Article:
Is intraneuronal amyloid β-peptide accumulation the trigger of Alzheimer's disease pathophysiology?

Paula I. Moreira, Quan Liu, Kazuhiro Honda, Mark A. Smith, Maria S. Santos, Catarina R. Oliveira
2004 Journal of Alzheimer's Disease  
Using a double mutant transgenic rat model [amyloid precursor β protein (AβPP) and presenilin 1 (PS1) mutations], that stably expresses intracellular human amyloid β (Aβ) fragments, Lopez and colleagues [1] report that intracellular Aβ accumulation in hippocampus and neocortex induces morphological alterations in the Golgi apparatus and lysosomes and an increase in lipofuscin bodies. The authors suggest that the morphological alterations in the Golgi and lysosomes elements may be due to an
more » ... y be due to an increased activity of these elements associated with the processing of the high amount of AβPP present in the brain of the transgenic animals or to an increased activity related with the degradation of oxidative-damaged organelles. Furthermore, the increase in lipofuscin bodies observed by the authors supports the hypothesis of an increase in oxidativedamaged macromolecules. These data raise the issue of whether intracellular Aβ accumulation or oxidative stress is the trigger of Alzheimer's disease (AD) pathophysiology. Despite the interesting results obtained by the authors, this problem remains unsolved. Intraneuronal Aβ accumulation has been directly observed in both human brain tissue and transgenic mice models [2,3] and has been associated with synap- tic pathology and dysfunction [4, 5] . Indeed, previous studies show that transgenic mice containing triple mutations for Aβ, PS1 and t, develop defects in longterm potentiation that correlate with the intraneuronal accumulation of Aβ before the appearance of amyloid plaques [5] . Indeed, in mouse models showing excessive amyloid deposition neuronal loss is modest even though the relative amyloid burden may be far greater than that found in patients with AD [6]. Furthermore, postmortem examination of many cognitively intact elderly individuals often reveals plaque loads above that found in many patients with AD. In addition, in AD the degree of cognitive impairment seems to be correlated with the total Aβ load rather the plaque load [7] . Several lines of evidence indicated that Aβ possesses trophic/antioxidant and pro-oxidant/toxic properties that are modulated by redox metal ions. The coordination of copper appears to be crucial for Aβ's own antioxidant activity that has been demonstrated both in vitro as well as in the brain, cerebrospinal fluid and plasma [8] . The only known catalytic activity of Aβ is the dismutation of O − 2 • to H 2 O 2 and tissues will only be protected from subsequent H 2 O 2 -mediated damage when the clearance mechanisms work properly. Thus, excessive accumulation of Aβ-copper may lead to an overproduction of H 2 O 2 that overwhelm the capacity of defence mechanisms to neutralize it. This would result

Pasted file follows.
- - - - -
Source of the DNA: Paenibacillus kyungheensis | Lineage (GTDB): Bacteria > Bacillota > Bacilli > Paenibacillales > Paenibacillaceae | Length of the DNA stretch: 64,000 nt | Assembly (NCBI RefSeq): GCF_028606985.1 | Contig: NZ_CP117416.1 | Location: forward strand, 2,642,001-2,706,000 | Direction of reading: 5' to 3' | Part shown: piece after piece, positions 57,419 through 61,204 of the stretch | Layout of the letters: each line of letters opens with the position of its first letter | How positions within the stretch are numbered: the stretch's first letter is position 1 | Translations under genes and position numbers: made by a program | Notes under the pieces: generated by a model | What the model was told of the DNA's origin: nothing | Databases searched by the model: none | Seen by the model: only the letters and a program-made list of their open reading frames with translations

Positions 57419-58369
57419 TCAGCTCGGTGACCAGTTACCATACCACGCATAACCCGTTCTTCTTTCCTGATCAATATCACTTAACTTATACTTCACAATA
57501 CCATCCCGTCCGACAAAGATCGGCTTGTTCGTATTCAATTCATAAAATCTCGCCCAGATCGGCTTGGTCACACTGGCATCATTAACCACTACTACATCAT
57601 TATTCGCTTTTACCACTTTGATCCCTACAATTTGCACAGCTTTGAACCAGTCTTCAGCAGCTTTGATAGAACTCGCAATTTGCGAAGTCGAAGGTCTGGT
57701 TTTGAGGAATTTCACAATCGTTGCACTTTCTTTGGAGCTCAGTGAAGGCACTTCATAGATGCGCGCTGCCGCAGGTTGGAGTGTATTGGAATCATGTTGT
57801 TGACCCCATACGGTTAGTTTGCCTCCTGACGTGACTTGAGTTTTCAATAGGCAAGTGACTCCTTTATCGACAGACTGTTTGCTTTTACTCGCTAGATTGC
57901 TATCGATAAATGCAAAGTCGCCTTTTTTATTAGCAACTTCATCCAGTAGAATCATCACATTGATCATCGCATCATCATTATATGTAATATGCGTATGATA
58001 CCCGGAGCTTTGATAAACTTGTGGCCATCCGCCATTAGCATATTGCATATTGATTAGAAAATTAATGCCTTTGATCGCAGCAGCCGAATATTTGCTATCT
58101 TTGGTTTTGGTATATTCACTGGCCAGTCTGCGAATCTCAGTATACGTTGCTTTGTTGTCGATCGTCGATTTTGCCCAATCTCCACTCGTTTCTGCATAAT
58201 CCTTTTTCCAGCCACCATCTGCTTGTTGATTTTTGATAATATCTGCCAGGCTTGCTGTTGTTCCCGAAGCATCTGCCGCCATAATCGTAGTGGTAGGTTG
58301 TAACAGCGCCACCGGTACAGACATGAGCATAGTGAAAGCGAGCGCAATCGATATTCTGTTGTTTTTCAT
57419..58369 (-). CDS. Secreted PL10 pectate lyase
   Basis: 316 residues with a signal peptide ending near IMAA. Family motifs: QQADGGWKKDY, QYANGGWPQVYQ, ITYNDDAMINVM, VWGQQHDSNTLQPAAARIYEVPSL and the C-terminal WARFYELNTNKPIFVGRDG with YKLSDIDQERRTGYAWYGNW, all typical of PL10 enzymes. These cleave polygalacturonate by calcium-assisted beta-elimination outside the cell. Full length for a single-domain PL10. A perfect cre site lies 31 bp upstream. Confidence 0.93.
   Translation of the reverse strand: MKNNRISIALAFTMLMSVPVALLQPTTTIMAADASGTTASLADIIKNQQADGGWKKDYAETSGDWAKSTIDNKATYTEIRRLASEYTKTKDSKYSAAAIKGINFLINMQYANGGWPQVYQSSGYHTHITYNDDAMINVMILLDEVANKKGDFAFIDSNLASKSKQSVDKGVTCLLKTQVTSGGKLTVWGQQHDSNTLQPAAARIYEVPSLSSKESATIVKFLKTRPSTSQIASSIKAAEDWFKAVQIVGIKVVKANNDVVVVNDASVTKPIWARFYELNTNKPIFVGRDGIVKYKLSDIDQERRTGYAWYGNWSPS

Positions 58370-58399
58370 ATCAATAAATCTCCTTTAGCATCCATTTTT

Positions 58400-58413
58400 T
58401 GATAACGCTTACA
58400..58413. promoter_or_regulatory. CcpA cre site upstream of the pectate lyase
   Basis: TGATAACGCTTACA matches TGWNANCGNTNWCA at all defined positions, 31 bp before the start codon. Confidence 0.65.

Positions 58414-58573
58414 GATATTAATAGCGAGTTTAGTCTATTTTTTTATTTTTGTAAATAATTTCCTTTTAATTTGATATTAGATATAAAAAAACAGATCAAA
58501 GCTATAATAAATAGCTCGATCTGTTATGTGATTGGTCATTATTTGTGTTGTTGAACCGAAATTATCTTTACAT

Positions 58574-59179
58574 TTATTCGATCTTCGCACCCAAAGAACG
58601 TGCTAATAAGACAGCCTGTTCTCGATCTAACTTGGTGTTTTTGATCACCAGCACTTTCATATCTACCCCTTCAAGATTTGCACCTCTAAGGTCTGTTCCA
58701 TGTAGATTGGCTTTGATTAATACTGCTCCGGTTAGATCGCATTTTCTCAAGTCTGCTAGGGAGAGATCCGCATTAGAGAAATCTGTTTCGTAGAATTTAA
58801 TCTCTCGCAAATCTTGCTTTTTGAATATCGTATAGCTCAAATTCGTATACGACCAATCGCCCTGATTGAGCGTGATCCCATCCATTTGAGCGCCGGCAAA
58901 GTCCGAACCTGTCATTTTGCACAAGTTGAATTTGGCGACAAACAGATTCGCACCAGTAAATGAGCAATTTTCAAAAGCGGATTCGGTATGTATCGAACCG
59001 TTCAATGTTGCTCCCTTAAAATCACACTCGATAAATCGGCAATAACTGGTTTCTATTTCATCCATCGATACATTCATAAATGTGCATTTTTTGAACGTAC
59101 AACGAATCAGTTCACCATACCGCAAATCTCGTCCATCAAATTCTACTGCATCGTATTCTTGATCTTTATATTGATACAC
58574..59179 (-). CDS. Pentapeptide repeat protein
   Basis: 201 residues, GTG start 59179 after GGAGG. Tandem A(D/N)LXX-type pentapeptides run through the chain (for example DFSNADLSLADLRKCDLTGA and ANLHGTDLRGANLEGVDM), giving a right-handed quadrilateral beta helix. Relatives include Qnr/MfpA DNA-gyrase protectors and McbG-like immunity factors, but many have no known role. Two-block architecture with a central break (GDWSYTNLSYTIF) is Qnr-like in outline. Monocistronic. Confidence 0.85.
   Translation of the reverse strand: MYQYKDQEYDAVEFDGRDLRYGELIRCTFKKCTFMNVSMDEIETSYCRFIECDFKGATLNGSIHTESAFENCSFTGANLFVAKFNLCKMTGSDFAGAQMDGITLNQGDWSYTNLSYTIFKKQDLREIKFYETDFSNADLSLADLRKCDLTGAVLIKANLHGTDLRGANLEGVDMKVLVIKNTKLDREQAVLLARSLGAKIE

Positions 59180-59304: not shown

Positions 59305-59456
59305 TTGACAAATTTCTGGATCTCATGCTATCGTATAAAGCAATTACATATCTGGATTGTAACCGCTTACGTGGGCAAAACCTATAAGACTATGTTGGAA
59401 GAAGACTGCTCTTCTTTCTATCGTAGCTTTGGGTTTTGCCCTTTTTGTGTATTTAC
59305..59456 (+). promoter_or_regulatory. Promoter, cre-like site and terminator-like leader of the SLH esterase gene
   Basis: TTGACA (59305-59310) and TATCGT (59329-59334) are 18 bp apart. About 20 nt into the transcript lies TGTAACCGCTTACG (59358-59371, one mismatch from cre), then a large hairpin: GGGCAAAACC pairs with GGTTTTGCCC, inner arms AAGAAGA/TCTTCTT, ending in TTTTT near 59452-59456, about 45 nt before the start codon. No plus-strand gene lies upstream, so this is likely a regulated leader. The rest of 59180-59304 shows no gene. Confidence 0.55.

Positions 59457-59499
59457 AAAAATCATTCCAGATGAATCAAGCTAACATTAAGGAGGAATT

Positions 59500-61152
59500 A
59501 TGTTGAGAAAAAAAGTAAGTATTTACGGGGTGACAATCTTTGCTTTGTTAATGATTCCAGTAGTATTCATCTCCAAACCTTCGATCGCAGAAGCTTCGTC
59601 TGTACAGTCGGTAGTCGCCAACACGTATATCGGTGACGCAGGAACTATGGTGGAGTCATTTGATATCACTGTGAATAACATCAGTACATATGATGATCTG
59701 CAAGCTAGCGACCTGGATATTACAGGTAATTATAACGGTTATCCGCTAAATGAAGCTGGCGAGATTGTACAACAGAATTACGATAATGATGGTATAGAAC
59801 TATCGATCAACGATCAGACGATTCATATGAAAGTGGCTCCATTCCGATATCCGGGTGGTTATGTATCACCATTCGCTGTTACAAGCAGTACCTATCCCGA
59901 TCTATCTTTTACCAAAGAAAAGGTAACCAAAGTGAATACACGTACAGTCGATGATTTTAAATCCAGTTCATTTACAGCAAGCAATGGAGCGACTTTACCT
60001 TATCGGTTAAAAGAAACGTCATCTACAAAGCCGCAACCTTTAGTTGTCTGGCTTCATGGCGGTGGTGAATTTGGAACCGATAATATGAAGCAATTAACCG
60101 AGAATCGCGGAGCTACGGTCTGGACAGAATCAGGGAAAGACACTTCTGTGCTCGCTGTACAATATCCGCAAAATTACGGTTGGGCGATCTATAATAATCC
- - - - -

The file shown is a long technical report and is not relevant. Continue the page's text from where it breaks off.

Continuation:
doi:10.3233/jad-2004-6411 fatcat:rhnxf577lbeprl3dgtparpdtwe